lottery tickets humphreys

Gary Humphreys’ odds of getting these two identical, randomly drawn tickets just nine seconds apart were exactly the same as winning $100,000.

This past spring Ron Gorneau of Bedford had a beef with the Virginia Lottery over one of the agency’s games. In June, he purchased two identical “Bingo Blast” tickets on the same day, six hours apart, at different lottery outlets, each with the same series of 105 numbers.

Gorneau believed that proved the game is rigged. But when I checked with lottery officials, they told me that the individual numbers on “Fast Play” game tickets — such as Bingo Blast — aren’t randomly generated, as Gorneau had assumed they were.

The only time lottery terminals randomly generate numbers is when players of the agency’s “Draw” games — such as Mega Millions, Pick 3, $1,000,000 Money Ball and some others — choose the “Easy Pick” function for their numbers, the lottery officials said.

Enter Gary Humphreys of Vinton, who had an eye-popping experience with the $1,000,000 Money Ball game on July 8.

“I purchased two $1,000,000 Money Ball tickets from a lottery machine located at the Food Lion store in Vinton. I selected the Easy Pick function to get my two sets of numbers. My tickets were printed nine seconds apart and I receive an identical set of numbers.”

Humphreys enclosed a photo of those tickets as proof. I sent that to Virginia lottery spokesman John Hagerty, who confirmed the tickets were legit.

Here’s how $1,000,000 Money Ball works: Players choose five numbers, from one to 35, or they can choose “Easy Pick,” in which the lottery terminals randomly generate the numbers. Each ticket costs $2. Twice per week, there’s a drawing of five numbered balls. There’s also a 36th unnumbered ball, which is gold.

If a player hits all five numbers, the prize is $100,000. If the gold ball is drawn before the fifth numbered ball, the prize climbs to $1 million. The odds of winning $100,000 are one in 376,992. The odds of winning the $1 million prize are one in 2,337,350.

“What are the odds that the easy pick function could generate an identical set of random numbers back to back nine seconds apart?” Humphreys asked. “The odds have to be more than actually winning the lottery. … Can the Virginia Lottery explain how this could happen?”

I forwarded Humphreys’ questions to lottery spokesman John Hagerty, and today we have some answers.

First, the odds of buying two identical Easy Pick numbers nine seconds apart are precisely the same odds as winning $100,000 in that game, Hagerty told me after consulting with the agency’s numbers wizards. Except that Humphreys’ numbers didn’t hit, which means that he won zip, just like most of the game’s players.

“To be on the safe side, and because it’s natural for people to question unusual events, I asked our security folks to check to see if there could have been any malfunction or technical issue,” Hagerty replied in an email. “Everything came up normal.”

“Is this unusual? Yes,” Hagerty added. “Is it unprecedented? No.”

In fact, chances are Humphrey’s tickets weren’t the only matching randomly generated Money Ball tickets that day. Under the laws of probability, there’s a 99 percent chance that for every 4,615 tickets sold, there are two that match. And of the 39,134 Money Ball tickets that were purchased July 8, 20,511 were Easy Picks, Hagerty said.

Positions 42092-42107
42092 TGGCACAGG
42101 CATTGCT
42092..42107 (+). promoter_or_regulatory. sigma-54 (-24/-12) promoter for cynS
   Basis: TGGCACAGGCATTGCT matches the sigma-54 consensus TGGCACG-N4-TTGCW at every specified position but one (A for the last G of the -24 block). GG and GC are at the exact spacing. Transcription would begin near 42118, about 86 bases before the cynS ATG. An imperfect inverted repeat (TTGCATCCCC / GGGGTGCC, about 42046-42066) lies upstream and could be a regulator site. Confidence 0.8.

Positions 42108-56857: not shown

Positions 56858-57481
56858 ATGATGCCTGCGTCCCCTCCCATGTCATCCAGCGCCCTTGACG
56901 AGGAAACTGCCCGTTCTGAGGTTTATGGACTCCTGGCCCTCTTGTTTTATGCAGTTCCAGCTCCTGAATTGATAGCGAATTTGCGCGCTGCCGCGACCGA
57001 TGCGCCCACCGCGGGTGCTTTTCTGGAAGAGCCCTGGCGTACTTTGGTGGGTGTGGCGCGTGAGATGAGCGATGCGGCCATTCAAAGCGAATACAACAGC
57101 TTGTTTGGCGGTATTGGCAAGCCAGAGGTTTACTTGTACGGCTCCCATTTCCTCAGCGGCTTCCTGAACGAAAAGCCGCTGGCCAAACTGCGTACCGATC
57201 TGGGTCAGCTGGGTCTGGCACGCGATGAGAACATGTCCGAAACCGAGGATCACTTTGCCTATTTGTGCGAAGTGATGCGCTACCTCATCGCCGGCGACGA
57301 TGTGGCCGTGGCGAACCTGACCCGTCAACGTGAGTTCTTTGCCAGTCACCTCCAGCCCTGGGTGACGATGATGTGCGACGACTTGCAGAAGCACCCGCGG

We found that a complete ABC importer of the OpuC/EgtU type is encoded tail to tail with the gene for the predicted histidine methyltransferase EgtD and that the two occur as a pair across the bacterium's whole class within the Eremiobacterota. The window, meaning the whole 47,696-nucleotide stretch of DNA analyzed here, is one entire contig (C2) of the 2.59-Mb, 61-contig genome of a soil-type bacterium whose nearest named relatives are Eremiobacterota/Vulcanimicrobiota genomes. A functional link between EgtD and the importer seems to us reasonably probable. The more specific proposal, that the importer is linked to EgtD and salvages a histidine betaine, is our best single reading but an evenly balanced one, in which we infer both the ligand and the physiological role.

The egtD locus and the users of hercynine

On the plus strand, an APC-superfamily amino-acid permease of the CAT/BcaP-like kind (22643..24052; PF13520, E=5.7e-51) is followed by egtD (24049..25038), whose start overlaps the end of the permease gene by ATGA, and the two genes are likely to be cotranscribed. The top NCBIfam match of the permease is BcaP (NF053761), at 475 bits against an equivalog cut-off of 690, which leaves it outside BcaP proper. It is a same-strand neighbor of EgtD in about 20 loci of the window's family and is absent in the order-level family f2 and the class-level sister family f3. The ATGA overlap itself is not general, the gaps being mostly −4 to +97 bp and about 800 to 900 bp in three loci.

That suggests there were other matching Easy Pick tickets that day, though it’s extremely unlikely any of the others were purchased by the same player.

Hagerty added: “When our system generates a set of Easy Pick numbers, we purposely do not prevent those same numbers from coming up again. If our system did so, it would not be truly random. The nine-second time difference may seem remarkable to the human mind, but to a computer it’s immaterial.”

Humphreys also wanted to know if the lottery would have paid two jackpots if all five numbers had hit. The answer is yes, Hagerty said, noting that James Kronenburg of Roanoke won three $100,000 jackpots with three identical tickets in a different drawing game back in October. In Kronenburg’s case, the numbers were not Easy Picks.

Humphreys remains suspicious, though. When he plays in the future, “I will no longer use the Easy Pick function,” he said.

After his recent experience, it’s easy to understand why.

Here’s an update to a June 30 column about a local radio station’s attempt to move its antenna so it’ll have a stronger signal in the Roanoke Valley: Tom Kennedy, general manager of 101.5 FM, “the valley’s music place,” reports that the FCC on July 20 approved the station’s application to move its antenna from Coyner Mountain to Mill Mountain.

Kennedy said that’ll probably happen in October, which will be good news for Andy Corbin.

“I cannot hear them on the radio in my basement in Vinton,” Corbin wrote after the column about the station. Between now and the move, Corbin noted, listeners can stream the station online at www.1015themusicplace.com.

“Thanks for sharing such FABULOUS news — we can’t wait for the stronger signal!” wrote Nicole Sheppard.

The column even brought the station at least one new fan.

“Thanks for the article about 101.5. I have tuned in and really enjoy the variety. I did not know they were there,” wrote Roanoke lawyer Mark Roberts.

Thank you, readers, for all the emails, calls and letters. Please keep that stuff coming.

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Dan Casey knows a little bit about a lot of things but not a heck of a lot about most things. That doesn't keep him from writing about them, however. So keep him honest!

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